Principles of Medical Genetics / Edition 2

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Editorial Reviews

Doody's Review Service
Reviewer: Joel Charrow, MD (Children's Memorial Hospital)
Description: This is the second edition of an introductory text on medical genetics covering the basic structure and organization of the human genome, the basic principles of genetics, and the relationships between genes and human disease. This edition provides a welcome expansion and update of the previous edition, which was published in 1990.
Purpose: It is intended to present the basic principles of medical genetics and their application to clinical medicine, although there is clearly greater emphasis on the former than on the latter. It is not, and does not intend to be, a compendium of genetic disorders, but focuses instead on basic principles.
Audience: The authors appropriately describe this book as being of greatest value to first and second year medical students. It may have some value to residents and other physicians who wish to "review" basic principles of genetics.
Features: It is attractively crafted and very nicely illustrated with numerous two-color illustrations and black-and-white photographs. The illustrations very effectively supplement the text. Two pages of color plates illustrate a variety of applications of fluorescence in situ hybridization (FISH). The references are current and appropriate in number and content for the audience, as current review articles and book chapters are frequently cited. At the end of the book there is a very nice glossary and set of study questions (and answers), organized by chapter.
Assessment: Many basic topics in genetics are clearly and concisely presented, particularly in the area of molecular genetics. Important discussions of relatively new topics in genetics, e.g. genomic imprinting, mitochondrial inheritance, and expansion of trinucleotide repeats are included. The coverage of biochemical genetics is more limited, and several important biochemical "themes" are discussed very briefly or not at all (e.g., gene dosage, large- and small-molecule substrate accumulation, haploinsufficiency, dominant negative effects, etc.). The coverage of many important clinical topics is also patchy, with very brief discussions of the mechanisms underlying congenital anomalies, syndromes and sequences, and therapy of genetic diseases. Several topics important to clinical geneticists, but which are not strictly genetic (e.g., teratogens) are not covered at all. It will be most useful as a medical student text, as intended. The above criticisms not withstanding, this remains one of the best texts in its class.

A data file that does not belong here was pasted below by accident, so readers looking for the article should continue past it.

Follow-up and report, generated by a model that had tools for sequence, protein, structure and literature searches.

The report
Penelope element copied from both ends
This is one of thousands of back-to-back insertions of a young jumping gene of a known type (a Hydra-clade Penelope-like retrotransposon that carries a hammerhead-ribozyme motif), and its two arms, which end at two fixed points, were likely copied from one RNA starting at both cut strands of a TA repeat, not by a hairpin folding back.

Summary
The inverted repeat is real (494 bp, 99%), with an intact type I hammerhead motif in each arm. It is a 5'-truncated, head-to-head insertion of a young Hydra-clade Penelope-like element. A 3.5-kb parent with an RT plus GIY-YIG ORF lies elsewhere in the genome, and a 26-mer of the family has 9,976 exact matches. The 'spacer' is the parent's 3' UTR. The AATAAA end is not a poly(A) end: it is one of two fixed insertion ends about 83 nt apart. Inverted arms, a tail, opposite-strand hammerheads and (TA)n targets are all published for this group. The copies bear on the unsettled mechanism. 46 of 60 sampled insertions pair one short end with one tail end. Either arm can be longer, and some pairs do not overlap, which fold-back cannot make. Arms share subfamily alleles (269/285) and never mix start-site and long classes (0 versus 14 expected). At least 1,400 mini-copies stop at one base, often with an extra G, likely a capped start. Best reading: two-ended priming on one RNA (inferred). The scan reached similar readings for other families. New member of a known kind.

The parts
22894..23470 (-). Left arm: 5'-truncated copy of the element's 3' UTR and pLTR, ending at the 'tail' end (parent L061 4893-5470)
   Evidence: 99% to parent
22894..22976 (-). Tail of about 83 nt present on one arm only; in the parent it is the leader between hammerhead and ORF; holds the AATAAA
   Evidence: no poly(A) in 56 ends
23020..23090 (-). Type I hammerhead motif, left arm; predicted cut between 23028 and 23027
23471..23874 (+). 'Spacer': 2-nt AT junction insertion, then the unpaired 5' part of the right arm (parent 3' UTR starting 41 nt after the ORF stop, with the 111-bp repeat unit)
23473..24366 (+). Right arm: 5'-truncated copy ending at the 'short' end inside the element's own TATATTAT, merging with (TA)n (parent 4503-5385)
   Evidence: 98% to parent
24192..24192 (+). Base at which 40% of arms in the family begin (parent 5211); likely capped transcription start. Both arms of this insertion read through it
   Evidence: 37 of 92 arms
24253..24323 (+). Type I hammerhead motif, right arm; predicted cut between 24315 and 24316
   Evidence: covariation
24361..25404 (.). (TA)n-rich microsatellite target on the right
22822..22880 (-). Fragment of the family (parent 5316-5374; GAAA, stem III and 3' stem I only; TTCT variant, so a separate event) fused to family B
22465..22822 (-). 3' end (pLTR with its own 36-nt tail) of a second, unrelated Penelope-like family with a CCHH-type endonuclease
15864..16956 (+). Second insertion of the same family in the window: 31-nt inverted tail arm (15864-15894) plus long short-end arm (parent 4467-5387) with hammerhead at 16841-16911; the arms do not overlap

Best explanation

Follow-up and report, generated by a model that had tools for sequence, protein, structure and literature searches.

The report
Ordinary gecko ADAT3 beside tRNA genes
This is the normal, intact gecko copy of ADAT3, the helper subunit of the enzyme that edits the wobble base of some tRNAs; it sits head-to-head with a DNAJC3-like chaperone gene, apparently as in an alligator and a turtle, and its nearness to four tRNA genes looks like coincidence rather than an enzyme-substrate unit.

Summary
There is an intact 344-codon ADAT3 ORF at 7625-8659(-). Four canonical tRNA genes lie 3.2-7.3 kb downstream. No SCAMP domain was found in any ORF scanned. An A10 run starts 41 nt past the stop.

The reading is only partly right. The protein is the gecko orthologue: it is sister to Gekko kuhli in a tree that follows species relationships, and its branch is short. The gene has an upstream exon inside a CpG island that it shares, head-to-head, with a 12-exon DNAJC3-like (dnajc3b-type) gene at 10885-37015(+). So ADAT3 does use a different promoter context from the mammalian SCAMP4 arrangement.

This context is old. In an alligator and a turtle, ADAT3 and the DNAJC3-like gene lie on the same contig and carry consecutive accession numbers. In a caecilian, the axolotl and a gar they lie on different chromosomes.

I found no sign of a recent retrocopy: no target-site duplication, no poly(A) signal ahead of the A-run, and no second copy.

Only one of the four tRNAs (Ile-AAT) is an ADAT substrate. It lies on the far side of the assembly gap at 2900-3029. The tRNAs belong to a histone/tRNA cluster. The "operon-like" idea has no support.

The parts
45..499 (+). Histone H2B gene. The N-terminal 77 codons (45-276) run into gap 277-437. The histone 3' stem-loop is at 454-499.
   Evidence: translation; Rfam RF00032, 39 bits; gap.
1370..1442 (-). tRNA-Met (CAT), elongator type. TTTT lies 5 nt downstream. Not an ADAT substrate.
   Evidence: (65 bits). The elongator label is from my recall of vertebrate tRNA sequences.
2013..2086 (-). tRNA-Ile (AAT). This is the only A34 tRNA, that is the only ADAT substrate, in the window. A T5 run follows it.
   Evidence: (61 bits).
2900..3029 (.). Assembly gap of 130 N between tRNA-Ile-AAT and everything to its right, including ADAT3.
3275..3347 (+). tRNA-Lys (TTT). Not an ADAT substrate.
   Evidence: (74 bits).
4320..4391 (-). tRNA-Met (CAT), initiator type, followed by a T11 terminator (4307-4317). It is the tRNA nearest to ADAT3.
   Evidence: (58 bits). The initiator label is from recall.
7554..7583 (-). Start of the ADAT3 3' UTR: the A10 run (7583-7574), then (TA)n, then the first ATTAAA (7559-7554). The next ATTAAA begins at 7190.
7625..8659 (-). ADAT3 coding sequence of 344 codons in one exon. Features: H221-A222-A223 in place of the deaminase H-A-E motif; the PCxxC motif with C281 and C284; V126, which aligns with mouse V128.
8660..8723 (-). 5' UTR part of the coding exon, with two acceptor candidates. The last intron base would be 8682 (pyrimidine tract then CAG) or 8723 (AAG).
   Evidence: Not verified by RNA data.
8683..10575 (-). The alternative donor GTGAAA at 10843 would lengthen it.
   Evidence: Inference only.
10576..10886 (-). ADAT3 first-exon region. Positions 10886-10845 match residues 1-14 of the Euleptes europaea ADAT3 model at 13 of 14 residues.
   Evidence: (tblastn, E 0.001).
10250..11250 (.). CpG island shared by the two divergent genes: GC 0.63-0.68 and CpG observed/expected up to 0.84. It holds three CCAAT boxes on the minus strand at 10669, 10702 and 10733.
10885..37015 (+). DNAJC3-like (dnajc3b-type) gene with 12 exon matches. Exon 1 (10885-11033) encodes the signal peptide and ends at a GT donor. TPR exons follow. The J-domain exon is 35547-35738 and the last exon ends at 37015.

Joel Charrow
This is the second edition of an introductory text on medical genetics covering the basic structure and organization of the human genome, the basic principles of genetics, and the relationships between genes and human disease. This edition provides a welcome expansion and update of the previous edition, which was published in 1990. It is intended to present the basic principles of medical genetics and their application to clinical medicine, although there is clearly greater emphasis on the former than on the latter. It is not, and does not intend to be, a compendium of genetic disorders, but focuses instead on basic principles. The authors appropriately describe this book as being of greatest value to first and second year medical students. It may have some value to residents and other physicians who wish to ""review"" basic principles of genetics. It is attractively crafted and very nicely illustrated with numerous two-color illustrations and black-and-white photographs. The illustrations very effectively supplement the text. Two pages of color plates illustrate a variety of applications of fluorescence in situ hybridization (FISH). The references are current and appropriate in number and content for the audience, as current review articles and book chapters are frequently cited. At the end of the book there is a very nice glossary and set of study questions (and answers), organized by chapter. Many basic topics in genetics are clearly and concisely presented, particularly in the area of molecular genetics. Important discussions of relatively new topics in genetics, e.g. genomic imprinting, mitochondrial inheritance, and expansion of trinucleotide repeats are included. Thecoverage of biochemical genetics is more limited, and several important biochemical ""themes"" are discussed very briefly or not at all (e.g., gene dosage, large- and small-molecule substrate accumulation, haploinsufficiency, dominant negative effects, etc.). The coverage of many important clinical topics is also patchy, with very brief discussions of the mechanisms underlying congenital anomalies, syndromes and sequences, and therapy of genetic diseases. Several topics important to clinical geneticists, but which are not strictly genetic (e.g., teratogens) are not covered at all. It will be most useful as a medical student text, as intended. The above criticisms not withstanding, this remains one of the best texts in its class.